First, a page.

Theatre director Peter Perceval goes dark with thriller debut
Peter Perceval has always been a fan of detective thrillers, and now he’s moved from writing and directing plays to creating his own cop heroine
Flanders’ Lisbeth Salander
After numerous plays such as The Vagina Monologues, Penis Monologues, Mother Monologues and Men Monologues, Perceval (pictured) was ready for something new. “I love detective fiction,” he says, “and I thought, why not have a crack at it?”
His debut novel, De Hollywoodfactor (The Hollywood Factor), focuses on Alessandra Vaccaro, an inspector at the federal homicide department. She’s a tough cookie whose heart always lands her in trouble, which is why she has dedicated herself to her job.
When philanthropist and exchange broker Georges Waltz is found murdered, nailed to a tree, Vaccaro takes charge but is soon confronted with her own past – especially when the killer decides to make things personal.
“The story had been lingering for some time,” Perceval explains. “I just needed an incentive to start writing. And then I read the Millennium trilogy by Stieg Larsson. The main character is such an incredibly strong woman, and I felt that was something Flemish crime fiction hadn’t personified yet.”
Inspector Vaccaro is indeed a strong, intelligent and intriguing character. “I wrote her biography,” he says, “to have a clear picture of her to work with, and, by doing so, I created someone who offers me a lot of opportunities. I’m now working on the second novel, and it’s a progression of her life story as well as a new case.”
Keep ’em guessing
At first glance, comedy and thriller are two very different genres, but De Hollywoodfactor tackles subjects you’d find in both genres: prostitution, identity theft, tax evasion and delinquents.
Writing for theatre is like a sprint. A novel is more like a triathlon
“In comedy you have to try to surprise people,” Perceval says. “People laugh at the unexpected. And it’s the same with thrillers; you thrive on the unexpected. Comedy is only good when you observe the world from the viewpoint of annoyance and surprise. Those two features also make the main character of a thriller intriguing, because then they perceive the world from a fresh perspective.”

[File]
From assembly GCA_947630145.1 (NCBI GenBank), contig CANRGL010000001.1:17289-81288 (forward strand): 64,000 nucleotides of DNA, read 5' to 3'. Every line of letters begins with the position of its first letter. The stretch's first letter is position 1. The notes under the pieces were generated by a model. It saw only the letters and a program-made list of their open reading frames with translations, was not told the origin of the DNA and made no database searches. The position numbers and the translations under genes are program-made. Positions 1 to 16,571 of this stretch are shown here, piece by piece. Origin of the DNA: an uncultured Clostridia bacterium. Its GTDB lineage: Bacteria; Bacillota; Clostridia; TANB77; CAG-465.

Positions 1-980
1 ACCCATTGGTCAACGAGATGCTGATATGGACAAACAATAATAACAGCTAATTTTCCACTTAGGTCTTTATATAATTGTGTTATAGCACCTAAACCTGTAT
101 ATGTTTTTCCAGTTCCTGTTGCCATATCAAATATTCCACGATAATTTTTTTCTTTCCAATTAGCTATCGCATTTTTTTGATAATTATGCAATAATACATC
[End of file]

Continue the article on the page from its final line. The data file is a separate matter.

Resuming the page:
But there is one big difference, he says, when it comes to writing for theatre and writing a novel: “Writing for theatre is like a sprint. Writing a novel is more like a triathlon.”
The cathedral, the Grand Bazaar shopping centre and the Jewish neighbourhood are just a few of the Antwerp locations featured in the book. Perceval gives us a vibrant and atmospheric depiction of the city by the Scheldt and its surroundings, places the Antwerp native holds dear.
“I’ve lived in Antwerp my entire life, so I know the city inside out,” he says. “It’s not just about writing what you know; I also wanted to give people who aren’t familiar with Antwerp a clear and tangible depiction. I’m a big fan of Norwegian author Jo Nesbo, and I love the way you get to experience Oslo through his work.”
Sassy & snappy
Perceval’s background in theatre is the initial reason why dialogue plays such a vital role in De Hollywoodfactor, but it goes further than that. “I’m a big fan of Anglo-Saxon crime fiction,” he says. “I’ve read a lot of Mo Hayder, Nicci French, Elmore Leonard… and when I read a Flemish novel, I’m always disappointed when it comes to dialogue.”